These defects and more were tackled by MB in the USA when they tried to sell them to the US forces. Never a total success the project was dropped with the introduction of the commercial diesel engined 406 model.

Some units were produced for Police and Ambulance application with the M130 petrol twin carbied engine, and the extra oomph made it more tolerable to drive. Equally the extra fuel delivery eliminated the boiling carb problem.

In either case the drum brakes are a bit iffy a driving in modern conditions you have to think ahead, well ahead on the road conditions when a stop is likely.

I have converted quite a few to diesel power using the M617 turbo diesel from a 1985 MB 123 platform. It transforms the truck albeit a bit noisy, but it has gobs of power once the turbo spools up!
See:- a normally aspirated unit--turbo is better for the grin factor !~
Speed roadtest Unimog 404 Diesel - NATO Videos : Firstpost Topic - Page 1 (http://firstpost.com/topic/organization/nato-speed-roadtest-unimog-404-diesel-video-OiAKR9wCfxw-920-1.html)

But the NOISE!
It'll drive you mad , unless you are dedicated --really dedicated!
End of part 1
Dennis
zedcars
ps I owned a Swissy 404 for three years and built a house with it. It is now scudding about with a new owner for the past 10 years with a chem tank on it; spraying noxious weeds on the county highways. One thing though well looked after, you can't kill one!
D

inken_dave
30th January 2013, 06:47 PM
Thanks for all that info! Do you have any recolection of the gear ratios? Is the limit of the top end a function of the gearing, or the lack of torque?

My main interest is definitly going slow! I live in a great area near Tamworth NSW where there are plenty of dirt roads accessing great state forrests etc.

Zedcars, or anyone else, do you have any idea how many 404's have been brought in? One option is that I import one or two? Not that difficult these days!

slug_burner
30th January 2013, 10:32 PM
Have you seen a 404 in the flesh? They are smaller than the mogs are in the later models. I would take what zedcars said very seriously with respect to noise, heat etc. I sat in a 404 in it was small and a big tunnel between the seats. I could imagine the heat and noise enough to know that it wasn't for me.

Even the later ones like 1300, 1700 and 1750 etc are ok off road but the highway is not their forte.

ramblingboy42
31st January 2013, 08:30 PM
it seems that a lot of people are getting a bit excited at the prospect of possibly buying ex RAA Unimogs when they come onto the market. These are trucks....big....8tonne capacity ...(I will stand corrected if I'm wrong there)....impressive capability.....but not really suited to the recreational 4wd market, low road speeds, high fuel consumption and will not go where your defender can.....simply cause theyre too big.....yep , I'd like to get one, not sure where I'd take it though.....and I dont have enough of anything to fill the load area....

zedcars
1st February 2013, 01:36 AM
Thanks for all that info! Do you have any recolection of the gear ratios? Is the limit of the top end a function of the gearing, or the lack of torque?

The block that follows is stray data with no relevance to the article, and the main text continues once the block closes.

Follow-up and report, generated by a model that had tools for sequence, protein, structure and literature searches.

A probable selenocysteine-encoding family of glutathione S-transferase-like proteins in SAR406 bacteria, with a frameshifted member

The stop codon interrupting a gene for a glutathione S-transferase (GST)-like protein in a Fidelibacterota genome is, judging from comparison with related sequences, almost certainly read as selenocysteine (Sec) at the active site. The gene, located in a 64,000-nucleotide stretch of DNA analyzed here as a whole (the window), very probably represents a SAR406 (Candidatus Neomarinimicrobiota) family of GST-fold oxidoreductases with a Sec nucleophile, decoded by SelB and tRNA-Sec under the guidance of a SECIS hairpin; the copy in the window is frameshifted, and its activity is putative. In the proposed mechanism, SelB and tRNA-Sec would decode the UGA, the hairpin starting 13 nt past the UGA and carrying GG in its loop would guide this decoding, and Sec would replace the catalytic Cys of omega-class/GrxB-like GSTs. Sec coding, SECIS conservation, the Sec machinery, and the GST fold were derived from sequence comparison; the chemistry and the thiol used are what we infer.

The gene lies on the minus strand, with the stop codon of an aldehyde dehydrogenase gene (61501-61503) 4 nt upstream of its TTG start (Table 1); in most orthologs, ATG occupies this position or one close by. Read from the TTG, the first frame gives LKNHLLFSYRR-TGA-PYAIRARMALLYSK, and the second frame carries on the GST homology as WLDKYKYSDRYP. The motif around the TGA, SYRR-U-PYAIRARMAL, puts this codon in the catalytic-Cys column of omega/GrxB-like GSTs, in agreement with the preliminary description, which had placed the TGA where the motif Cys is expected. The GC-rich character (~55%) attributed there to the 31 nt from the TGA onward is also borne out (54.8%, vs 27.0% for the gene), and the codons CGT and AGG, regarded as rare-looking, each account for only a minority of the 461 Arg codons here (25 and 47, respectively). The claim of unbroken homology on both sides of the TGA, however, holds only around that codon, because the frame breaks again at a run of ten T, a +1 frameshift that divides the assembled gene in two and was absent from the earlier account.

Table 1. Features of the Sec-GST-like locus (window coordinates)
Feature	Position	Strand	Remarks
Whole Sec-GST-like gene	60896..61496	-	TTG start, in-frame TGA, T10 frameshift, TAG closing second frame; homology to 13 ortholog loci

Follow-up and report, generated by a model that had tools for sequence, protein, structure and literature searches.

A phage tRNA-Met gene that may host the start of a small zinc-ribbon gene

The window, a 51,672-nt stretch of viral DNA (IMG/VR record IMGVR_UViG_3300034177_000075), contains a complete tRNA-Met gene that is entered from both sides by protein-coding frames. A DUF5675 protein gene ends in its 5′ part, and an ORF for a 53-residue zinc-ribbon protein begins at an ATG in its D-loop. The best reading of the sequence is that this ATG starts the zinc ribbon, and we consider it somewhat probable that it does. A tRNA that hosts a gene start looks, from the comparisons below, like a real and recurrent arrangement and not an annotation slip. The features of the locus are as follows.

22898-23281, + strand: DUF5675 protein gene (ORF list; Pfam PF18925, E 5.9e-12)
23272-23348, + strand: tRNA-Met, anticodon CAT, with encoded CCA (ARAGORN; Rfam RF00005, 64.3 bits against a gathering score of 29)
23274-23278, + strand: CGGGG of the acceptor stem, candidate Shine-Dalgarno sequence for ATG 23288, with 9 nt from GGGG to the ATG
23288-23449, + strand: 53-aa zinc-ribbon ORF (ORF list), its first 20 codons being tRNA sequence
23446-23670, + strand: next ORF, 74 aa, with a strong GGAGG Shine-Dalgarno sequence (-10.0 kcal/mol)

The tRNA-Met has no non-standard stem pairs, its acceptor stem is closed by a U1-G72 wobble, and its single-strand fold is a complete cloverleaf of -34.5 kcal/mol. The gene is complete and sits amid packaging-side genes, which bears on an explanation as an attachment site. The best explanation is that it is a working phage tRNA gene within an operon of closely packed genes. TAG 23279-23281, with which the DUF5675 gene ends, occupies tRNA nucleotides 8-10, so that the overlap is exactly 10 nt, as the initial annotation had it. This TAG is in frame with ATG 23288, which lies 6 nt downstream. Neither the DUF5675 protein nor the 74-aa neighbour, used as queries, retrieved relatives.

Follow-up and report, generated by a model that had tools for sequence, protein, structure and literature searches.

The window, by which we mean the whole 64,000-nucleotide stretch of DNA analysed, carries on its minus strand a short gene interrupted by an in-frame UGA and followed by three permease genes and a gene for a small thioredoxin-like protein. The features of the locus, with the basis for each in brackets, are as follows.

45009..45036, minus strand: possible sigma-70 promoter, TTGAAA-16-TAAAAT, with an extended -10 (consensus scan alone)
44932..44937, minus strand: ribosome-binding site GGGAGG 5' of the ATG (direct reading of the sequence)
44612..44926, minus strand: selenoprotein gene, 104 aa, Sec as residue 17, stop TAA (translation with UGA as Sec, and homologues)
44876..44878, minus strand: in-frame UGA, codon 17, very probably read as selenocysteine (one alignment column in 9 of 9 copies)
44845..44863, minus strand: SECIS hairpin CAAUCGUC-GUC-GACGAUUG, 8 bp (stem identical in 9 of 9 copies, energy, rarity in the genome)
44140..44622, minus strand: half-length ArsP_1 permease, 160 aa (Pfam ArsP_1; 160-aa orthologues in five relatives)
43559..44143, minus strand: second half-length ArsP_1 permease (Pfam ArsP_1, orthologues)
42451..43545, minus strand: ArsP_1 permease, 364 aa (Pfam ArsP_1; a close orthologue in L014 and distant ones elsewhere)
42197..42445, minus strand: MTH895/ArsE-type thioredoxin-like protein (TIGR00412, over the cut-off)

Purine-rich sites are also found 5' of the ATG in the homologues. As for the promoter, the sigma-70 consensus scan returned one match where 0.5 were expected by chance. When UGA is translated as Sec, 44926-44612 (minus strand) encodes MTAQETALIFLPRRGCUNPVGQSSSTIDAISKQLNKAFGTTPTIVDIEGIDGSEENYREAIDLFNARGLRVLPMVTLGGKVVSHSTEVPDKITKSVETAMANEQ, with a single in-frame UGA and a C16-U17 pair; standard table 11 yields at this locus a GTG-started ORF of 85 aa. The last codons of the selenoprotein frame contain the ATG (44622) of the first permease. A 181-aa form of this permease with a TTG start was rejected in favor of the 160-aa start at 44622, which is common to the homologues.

My main interest is definitly going slow! I live in a great area near Tamworth NSW where there are plenty of dirt roads accessing great state forrests etc.

Zedcars, or anyone else, do you have any idea how many 404's have been brought in? One option is that I import one or two? Not that difficult these days!

Dave
The std engine derivative was the M180 a 2.2 single carb petrol unit producing 80 BHP @ 4800r/m. This engine was a five bearing crank unit and was also found in the early 1960's MB220. The 220 S had twin carbs no less!
As you can imagine at 6000 ft to 10,000 ft where I am this truck runs like an asthmatic dog! Nevertheless its a pretty bullet proof engine in its Mil form with a deep oil pan holding 8 litres of oil for all angle operation.

The M130 option produced 110 BHP at 4800r/m and was a twin carb variant and was similar to what you would find in the MB280 having a 7 bearing crank.

The power delivery of the M180 is a virtue of low down torque characteristics of a side valve engine coupled to low gearing.
Ratios are 1st 14.93:1, 2nd 8.23:1, 3rd 4.47:1, 4th 2.47:1, 5th 1.53:1 and 6th 1to 1. You could get an aux crawler gear giving 46.01:1 & 25:1 respectively as an option.
Then total axle reduction was/is 7.56:1 (made up of diff ratio 3.55:1 and portal hub reduction of 2.13:1 .

The truck is a bit cramped due to its size but is surprising comfortable once you get seated. Of the two I liked the Swissy troop carrier truck and off road it was bloody marvelous at recovering inferior 4wds in tight places The PTO driven winch is super capacity.
I have seen a short film of a German nutter of a squadie being pulled up a vertical cliff face by a fellow 404 Unimog at the top of the summit and the dead Mog on the end of the hook! The soldier is calmly sat in the driver's looking up the wire rope as he is being winched. Too much adrenaline for me!:o

Overall for curio big boys toy the truck can be fun, but can be tedious on anything more than a 100 miles drive.

This brings me to the next up in the model range , the 406 series which had a real truck diesel engine and much more equipment.